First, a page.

When I was growing up, we were constantly reminded to "leave a place better than you found it" - so when we were invited to dinner at somebody's house, we were expected to help with the dishes, when we went on a picnic or a walk, part of the fun was seeing how much rubbish you could pick up. And even if it wasn't your personal mess, it was still a mess, so why shouldn't you be the one to help sort it out! Leaving a place better than you found it - sound advice.
The start of September signals the beginning of Creation Time, an ecumenical church season when Christians are encouraged to think, pray and act on issues relating to the environment, nature and the created world.
This year the Church of Scotland have published new worship resources which are available for a free download from the website.
There are many reasons why Christians need to be aware of and involved in environmental issues. For me it isn’t just a matter of heeding the scientific evidence that without our action on carbon emissions, the effects of climate change will be devastating. That’s really a given, and you don’t need to have faith to get it. For me, there remains a much stronger, and much older, cause, which is that the earth is the Lord’s, and all that is in it.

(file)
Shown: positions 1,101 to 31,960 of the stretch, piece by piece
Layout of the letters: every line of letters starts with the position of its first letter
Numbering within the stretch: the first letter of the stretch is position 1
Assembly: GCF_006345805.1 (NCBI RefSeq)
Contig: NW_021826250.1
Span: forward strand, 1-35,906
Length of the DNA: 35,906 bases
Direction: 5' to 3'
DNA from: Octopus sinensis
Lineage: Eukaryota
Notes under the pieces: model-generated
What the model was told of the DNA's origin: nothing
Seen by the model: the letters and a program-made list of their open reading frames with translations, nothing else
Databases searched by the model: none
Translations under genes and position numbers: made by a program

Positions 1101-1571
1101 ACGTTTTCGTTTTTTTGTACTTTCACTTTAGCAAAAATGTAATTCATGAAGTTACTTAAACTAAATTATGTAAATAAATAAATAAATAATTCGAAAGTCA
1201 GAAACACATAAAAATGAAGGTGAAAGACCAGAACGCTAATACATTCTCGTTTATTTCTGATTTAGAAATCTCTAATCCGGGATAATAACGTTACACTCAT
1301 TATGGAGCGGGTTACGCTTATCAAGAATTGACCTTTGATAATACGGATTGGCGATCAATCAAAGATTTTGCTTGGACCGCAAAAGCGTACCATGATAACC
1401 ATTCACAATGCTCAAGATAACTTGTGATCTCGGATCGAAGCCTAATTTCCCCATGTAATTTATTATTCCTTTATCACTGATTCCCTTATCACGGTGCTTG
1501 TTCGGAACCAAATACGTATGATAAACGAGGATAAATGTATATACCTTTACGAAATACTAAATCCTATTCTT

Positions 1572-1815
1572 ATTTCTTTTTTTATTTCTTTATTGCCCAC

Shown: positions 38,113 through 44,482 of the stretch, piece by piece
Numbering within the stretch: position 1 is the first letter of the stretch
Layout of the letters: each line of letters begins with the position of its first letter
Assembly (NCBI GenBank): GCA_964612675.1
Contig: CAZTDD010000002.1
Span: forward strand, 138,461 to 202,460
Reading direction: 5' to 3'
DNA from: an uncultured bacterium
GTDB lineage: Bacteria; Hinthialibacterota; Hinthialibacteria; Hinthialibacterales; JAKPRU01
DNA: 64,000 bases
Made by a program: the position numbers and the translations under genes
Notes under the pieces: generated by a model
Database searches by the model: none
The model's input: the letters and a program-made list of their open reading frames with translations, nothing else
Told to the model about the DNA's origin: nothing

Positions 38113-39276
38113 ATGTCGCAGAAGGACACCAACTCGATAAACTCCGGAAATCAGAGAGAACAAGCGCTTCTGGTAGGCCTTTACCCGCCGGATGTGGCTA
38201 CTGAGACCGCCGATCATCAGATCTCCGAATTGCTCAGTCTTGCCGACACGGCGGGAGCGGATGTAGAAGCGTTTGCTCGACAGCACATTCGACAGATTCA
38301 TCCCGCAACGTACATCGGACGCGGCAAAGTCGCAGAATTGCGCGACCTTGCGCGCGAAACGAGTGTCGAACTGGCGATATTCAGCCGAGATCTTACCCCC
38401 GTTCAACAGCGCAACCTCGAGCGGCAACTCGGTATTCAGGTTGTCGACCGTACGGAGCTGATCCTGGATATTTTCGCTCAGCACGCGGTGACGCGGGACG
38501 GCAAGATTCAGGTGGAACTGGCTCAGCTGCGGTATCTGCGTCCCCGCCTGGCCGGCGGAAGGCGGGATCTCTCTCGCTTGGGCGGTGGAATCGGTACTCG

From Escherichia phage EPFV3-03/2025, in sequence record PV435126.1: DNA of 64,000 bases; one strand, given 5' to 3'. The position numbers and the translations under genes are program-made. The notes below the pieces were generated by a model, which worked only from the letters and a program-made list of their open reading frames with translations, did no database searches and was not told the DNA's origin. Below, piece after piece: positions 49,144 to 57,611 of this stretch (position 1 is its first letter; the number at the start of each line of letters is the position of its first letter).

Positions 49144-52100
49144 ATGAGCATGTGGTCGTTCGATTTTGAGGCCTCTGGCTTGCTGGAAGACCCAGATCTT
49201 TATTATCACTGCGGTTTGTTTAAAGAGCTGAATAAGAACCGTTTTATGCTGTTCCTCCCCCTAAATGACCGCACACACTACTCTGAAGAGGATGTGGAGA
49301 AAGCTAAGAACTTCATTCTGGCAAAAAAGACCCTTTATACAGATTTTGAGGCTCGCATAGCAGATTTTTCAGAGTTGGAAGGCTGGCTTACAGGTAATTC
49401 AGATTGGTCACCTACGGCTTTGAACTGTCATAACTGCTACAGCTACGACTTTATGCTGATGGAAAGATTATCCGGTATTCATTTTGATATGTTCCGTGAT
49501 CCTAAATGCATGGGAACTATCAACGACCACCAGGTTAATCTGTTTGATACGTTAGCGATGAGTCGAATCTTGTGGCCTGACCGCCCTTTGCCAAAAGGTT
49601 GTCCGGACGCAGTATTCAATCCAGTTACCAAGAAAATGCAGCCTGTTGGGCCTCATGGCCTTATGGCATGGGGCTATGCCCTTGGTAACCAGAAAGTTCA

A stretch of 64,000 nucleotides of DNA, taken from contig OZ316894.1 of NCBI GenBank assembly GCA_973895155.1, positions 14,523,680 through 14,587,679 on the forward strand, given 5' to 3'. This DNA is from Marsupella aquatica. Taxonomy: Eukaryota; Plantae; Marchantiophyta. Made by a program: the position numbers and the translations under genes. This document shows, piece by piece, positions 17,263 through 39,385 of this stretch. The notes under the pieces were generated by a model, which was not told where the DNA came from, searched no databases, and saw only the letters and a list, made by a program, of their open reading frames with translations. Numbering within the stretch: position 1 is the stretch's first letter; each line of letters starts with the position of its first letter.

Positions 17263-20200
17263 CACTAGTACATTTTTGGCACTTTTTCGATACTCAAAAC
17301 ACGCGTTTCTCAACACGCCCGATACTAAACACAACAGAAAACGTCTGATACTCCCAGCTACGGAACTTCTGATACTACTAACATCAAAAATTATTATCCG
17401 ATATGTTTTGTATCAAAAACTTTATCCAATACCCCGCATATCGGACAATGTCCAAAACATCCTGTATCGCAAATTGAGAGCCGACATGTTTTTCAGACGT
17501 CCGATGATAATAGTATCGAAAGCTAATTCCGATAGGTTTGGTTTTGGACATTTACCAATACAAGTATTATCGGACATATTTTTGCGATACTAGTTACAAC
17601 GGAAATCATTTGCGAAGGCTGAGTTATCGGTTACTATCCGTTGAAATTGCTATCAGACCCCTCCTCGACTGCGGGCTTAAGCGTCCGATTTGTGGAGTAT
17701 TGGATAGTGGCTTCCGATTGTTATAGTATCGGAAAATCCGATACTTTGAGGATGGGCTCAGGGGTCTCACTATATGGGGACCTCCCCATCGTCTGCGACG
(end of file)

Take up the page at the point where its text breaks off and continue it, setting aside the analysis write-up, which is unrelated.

We have a sacred trust and responsibility to care for the planet. But also as we ourselves are part of creation we need to be more aware of how our actions, decisions and choices impact on the waters, air, plants, animals and human beings that we share this world with.